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Teen Doc

September 16, 2009
by Constance Matthiessen
Dr. Barbara Staggers

Dr. Barbara Staggers offers a different kind of medicine to inner-city kids: love.

Dr. Barbara Staggers ’76, MPH ’80, will never forget the day a teenage boy came to see her at the Oakland Children’s Hospital Teen Clinic and said, “Can you hold me? I’m going to be dead tomorrow.” He was gunned down the next day. He knew that people were after him, says Staggers, “We tried to get him to leave the state, but he refused to go. And the next day he was dead.”

Staggers, who heads the adolescent medicine division at Children’s Hospital and Research Center in Oakland, has thought a lot about that boy. “And I ask myself, why did he have to come to the doctor for comfort? What is going on in this society that so many kids do not feel loved?”

It’s a question Staggers has been asking since she was 18 years old, after an encounter with another lost teen. At the time, she was working in a summer sports program for inner-city youth. One day a pimp came to pick up one of her students, a 14-year-old girl. The program director tried to stop him, but when the girl’s mother was contacted she said, “Let her go. We need the money.” Staggers never saw the girl again, but the incident determined her choice of adolescent medicine—and her path in life.

Today, Staggers still sees kids forced into prostitution, and others who have lost their parents to random gunfire. But under her direction, the Oakland Children’s Hospital Teen Clinic—a square, nondescript building in a rundown corner of the city—has become a refuge for teens, a place where they can come to get confidential medical care in a warm, supportive environment.

For Staggers, successfully addressing these teens’ problems requires a public health perspective.

“The three leading causes of death for teenagers in this country are traffic accidents, homicide, and suicide,” she points out. “So my work isn’t about giving a kid a pill. To do my job, I need to understand what’s going on at home, whether or not a kid has any support in his life, what kind of people he’s hanging out with. You need to think that way if you’re going to do adolescent medicine.”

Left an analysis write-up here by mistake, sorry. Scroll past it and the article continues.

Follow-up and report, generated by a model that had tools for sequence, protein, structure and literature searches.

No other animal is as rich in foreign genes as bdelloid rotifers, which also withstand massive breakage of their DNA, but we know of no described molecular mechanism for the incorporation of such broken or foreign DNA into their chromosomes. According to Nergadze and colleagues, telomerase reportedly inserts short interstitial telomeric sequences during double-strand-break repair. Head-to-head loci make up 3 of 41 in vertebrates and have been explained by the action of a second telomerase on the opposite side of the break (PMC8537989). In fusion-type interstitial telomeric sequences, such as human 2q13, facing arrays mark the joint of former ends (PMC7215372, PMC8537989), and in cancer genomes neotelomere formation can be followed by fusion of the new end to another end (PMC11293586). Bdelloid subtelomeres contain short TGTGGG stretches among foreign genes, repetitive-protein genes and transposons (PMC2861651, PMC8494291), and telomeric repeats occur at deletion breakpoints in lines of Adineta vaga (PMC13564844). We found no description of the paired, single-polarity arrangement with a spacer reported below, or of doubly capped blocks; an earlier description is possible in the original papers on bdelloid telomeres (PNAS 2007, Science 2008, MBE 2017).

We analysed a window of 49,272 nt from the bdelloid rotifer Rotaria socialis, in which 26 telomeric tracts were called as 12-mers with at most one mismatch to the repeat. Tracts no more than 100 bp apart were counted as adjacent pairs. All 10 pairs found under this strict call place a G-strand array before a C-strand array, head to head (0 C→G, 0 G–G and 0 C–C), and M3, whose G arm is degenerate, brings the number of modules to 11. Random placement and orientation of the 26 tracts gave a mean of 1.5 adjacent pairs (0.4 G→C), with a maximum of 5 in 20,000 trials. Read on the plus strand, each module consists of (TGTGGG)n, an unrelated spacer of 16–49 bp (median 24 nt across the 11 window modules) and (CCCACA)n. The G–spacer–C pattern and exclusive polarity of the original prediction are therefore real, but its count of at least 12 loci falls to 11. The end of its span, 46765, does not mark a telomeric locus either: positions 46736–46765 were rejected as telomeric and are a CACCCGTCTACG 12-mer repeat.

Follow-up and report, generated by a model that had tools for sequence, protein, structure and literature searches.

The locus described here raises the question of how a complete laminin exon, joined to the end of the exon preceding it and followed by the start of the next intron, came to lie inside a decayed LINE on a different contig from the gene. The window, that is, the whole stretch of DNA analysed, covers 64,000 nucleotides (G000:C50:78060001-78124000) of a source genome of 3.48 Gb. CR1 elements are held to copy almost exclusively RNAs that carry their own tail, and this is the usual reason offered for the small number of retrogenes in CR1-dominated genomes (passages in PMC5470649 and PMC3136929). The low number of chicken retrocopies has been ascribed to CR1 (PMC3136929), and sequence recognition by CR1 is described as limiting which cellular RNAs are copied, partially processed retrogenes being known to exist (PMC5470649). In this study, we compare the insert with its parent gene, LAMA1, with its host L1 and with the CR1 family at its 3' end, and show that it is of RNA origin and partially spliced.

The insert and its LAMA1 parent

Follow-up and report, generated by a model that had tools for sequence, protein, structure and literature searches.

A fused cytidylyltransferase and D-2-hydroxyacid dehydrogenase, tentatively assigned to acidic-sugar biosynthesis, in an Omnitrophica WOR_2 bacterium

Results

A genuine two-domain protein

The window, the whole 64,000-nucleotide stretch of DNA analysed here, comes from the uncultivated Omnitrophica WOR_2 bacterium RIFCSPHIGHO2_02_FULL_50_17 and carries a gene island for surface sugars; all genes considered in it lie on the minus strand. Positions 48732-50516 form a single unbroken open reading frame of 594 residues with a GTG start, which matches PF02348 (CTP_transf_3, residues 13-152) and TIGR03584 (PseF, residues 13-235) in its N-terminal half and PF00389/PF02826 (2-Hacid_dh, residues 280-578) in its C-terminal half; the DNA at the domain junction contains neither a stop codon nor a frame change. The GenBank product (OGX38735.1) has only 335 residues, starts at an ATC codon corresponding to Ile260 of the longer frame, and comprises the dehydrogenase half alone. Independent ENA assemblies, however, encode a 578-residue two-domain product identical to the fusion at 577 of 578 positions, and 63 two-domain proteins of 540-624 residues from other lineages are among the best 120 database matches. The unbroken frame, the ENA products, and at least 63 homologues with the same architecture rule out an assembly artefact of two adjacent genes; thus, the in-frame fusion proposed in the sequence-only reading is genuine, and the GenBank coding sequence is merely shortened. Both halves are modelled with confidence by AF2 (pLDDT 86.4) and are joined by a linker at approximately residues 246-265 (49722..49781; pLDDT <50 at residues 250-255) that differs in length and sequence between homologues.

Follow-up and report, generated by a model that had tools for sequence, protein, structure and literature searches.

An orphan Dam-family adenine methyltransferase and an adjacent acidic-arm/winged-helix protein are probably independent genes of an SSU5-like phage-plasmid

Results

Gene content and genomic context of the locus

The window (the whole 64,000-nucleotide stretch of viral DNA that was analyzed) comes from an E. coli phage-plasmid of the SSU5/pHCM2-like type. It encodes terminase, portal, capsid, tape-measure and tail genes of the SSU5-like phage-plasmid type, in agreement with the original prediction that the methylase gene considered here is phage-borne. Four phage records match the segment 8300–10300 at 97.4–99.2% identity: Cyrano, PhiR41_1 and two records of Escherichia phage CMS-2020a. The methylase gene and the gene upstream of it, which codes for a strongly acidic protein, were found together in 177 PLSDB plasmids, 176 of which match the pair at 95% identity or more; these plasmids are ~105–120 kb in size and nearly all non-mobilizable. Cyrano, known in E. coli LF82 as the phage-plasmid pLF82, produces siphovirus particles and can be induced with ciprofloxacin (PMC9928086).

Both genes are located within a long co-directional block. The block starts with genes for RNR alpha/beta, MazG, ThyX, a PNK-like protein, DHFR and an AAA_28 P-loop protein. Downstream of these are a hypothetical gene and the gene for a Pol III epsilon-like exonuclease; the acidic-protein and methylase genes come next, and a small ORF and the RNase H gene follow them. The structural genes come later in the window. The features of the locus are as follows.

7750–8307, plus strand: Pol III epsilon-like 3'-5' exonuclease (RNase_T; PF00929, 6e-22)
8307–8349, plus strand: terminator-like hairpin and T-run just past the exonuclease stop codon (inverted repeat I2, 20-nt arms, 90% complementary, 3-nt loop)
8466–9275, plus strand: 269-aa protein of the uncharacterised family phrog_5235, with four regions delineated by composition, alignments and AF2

This approach comes naturally. Staggers’s father, the son of South Carolina sharecroppers, was the first African-American surgical subspecialist ever trained by the U.S. Navy. “My father was a medical advocate as well as a physician,” she says. “I learned that a physician is a social worker, a political advocate, and an educator, as well as a medical doctor.”

As a result, her work doesn’t end at the clinic door. She lectures frequently on adolescent issues to community groups and has served on the American Academy of Pediatrics, as well as advising the California Assembly and Senate, and the National Congressional Black Caucus. And when she examines patients, she checks more than just their height, weight, and blood pressure.

Staggers’s daily immersion in the volatile world of adolescence has sharpened her perspective on the many ways American society is letting its teenagers down. “Teens need to take risks, they need to experiment, or they will never grow,” she points out. “But in our society in 2008, it’s dangerous to experiment, you could lose your life, or you could ruin your life. There are no safe places for kids to go and be safe with their friends. We have playgrounds for little kids, but we don’t have any place for teens.”

Modern society also fails to provide important rites of passage for its young people, according to Staggers. “I’m not ashamed to admit that I was a cotillion debutante. My mother wanted me to do it and I resisted, but now I’m glad I did because it was an important rite of passage for me…. These kinds of events are a really valuable way of telling our teens, ‘You’ve achieved this, and I’m proud of you.'”

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